Washington jobless claims rise due to higher benefits

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A pedestrian walks past a closed cafe with its windows covered in American flags at the Pike Place market. (AP Photo / Elaine Thompson)

The Job Security Department knew it was going to happen – a tsunami of unemployment claims coinciding with the availability of expanded and expanded unemployment benefits under federal CARES law.

The tsunami struck with an increase of over 450% in the total claims filed last week, just under 1.5 million.

“In a week in which a billion dollars were delivered to thousands of Washingtonians, this is by far the most important week of unemployment benefits in the history of our state,” said the commissioner. at ESD, Suzy LeVine.

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The number of claims filed does not represent individual people, said LeVine, as many people file multiple claims, mainly due to the extension of federal benefits.

There are a variety of additional benefits under the CARES law, including unemployment pandemic assistance, which extends benefits to those who would not normally be eligible for unemployment, such as self-employed entrepreneurs and the self-employed, and the emergency unemployment pandemic, which extends unemployment insurance for an additional 13 weeks to those who have exhausted their benefits.

The actual number of claims filed last week is 787,533.

LeVine said that since the start of the pandemic, 504,284 people who filed an initial claim have been paid. Tens of thousands of others are still waiting.

The volume of web traffic to drop online, phone filings and customer service calls have been taking the system away for weeks. However, LeVine said the ministry’s efforts to encourage registrants who could afford to wait a few days finally paid off, allowing hundreds of thousands of people to go through the system last week.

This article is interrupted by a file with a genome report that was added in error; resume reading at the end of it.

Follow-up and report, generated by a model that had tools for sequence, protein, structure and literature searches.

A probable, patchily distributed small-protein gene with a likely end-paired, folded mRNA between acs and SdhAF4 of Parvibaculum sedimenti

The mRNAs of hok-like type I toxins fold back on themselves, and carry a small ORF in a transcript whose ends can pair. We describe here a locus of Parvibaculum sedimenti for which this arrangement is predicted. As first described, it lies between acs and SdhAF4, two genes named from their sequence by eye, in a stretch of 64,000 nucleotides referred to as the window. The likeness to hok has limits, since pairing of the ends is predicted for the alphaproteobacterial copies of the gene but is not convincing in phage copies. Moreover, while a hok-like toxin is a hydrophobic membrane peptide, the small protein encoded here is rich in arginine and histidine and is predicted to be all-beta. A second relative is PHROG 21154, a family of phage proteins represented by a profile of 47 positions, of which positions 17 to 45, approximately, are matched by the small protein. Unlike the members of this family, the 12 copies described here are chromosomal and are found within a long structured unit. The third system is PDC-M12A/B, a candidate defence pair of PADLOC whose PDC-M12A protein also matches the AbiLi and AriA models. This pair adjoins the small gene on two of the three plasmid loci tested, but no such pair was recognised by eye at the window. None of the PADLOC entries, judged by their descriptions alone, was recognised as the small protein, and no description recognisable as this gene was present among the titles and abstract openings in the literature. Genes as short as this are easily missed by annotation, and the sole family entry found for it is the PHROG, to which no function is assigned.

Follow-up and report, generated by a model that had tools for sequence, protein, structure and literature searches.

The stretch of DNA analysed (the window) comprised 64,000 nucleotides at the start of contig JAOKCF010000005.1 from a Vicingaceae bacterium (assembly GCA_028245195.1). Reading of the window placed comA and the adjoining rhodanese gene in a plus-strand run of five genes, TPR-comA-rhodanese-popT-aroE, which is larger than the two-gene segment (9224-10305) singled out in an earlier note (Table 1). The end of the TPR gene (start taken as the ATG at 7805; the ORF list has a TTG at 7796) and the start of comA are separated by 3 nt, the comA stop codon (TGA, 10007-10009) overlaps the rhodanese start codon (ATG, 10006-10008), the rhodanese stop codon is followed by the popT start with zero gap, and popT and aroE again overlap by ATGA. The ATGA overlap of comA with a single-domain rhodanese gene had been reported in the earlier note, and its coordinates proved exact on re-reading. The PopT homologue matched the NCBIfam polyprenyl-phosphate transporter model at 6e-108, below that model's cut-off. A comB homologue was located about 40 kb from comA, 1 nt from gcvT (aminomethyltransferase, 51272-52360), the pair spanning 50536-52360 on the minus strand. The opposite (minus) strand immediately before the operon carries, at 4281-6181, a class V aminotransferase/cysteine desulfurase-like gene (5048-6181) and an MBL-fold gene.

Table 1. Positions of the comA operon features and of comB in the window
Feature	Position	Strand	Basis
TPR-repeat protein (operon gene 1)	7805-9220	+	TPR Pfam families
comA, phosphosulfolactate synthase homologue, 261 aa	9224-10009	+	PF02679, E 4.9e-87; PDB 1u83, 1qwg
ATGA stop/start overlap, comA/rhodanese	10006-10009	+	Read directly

However, many are stuck on the pending phase, mainly because there are discrepancies of some sort that need to be resolved by an arbitrator – a specially trained staff member who personally reviews the problem with the claimant and the employer, the if necessary, to resolve discrepancies. .

“Unfortunately, solving these problems takes time and people,” said LeVine. “Under normal circumstances, cases are heard within 21 days. This means that additional information is requested and reviewed by a qualified arbitrator and that a decision is made in about three weeks. However, at the moment, this is anything but normal. We have received more requests in the past 7 weeks than in the previous 3.5 years combined. “

LeVine said getting benefits to everyone who qualifies is the top priority, and the ministry is working on four things to achieve this.

“Our agency’s number one priority is to provide benefits to people who are eligible for unemployment assistance and who are still waiting,” she said.

Here are the four things ESD is currently doing to fix the problem:

  1. Get eligible people to be paid to act. Tens of thousands of people have not filed their weekly claim or are unaware that they should be applying for extended unemployment benefits under the Federal CARES Act. Targeted emails will remind them to take these important steps.
  2. Reach out to those who are in arbitration for various reasons and update them on the work done to resolve their situation.
  3. Grouped resolution of certain issues where possible. For example, people who have noted that they are students and employees generally have to show that they have enough hours in their week outside of school to work. With most of the schools having been canceled, this is a problem that the agency has been able to resolve as a whole for many applicants, thereby speeding up the process of paying these people.
  4. Engage more customer service staff to help people across the state process their claims and communicate with the phones, and free up arbitrators to do the specialized work of resolving claims issues. ESD has more than tripled claims staff and continues to hire. Find current publications here.

LeVine said they know people desperately need this money, apologized for the delay and promised to continue working hard to clear the backlog.

You can find more information on the arbitration issue in a LeVine video message here. She also encouraged those who have been denied benefits or who are preparing to file for the first time to read the ESD checklist and FAQs.

Follow Hanna Scott on Twitter or send him an email here.



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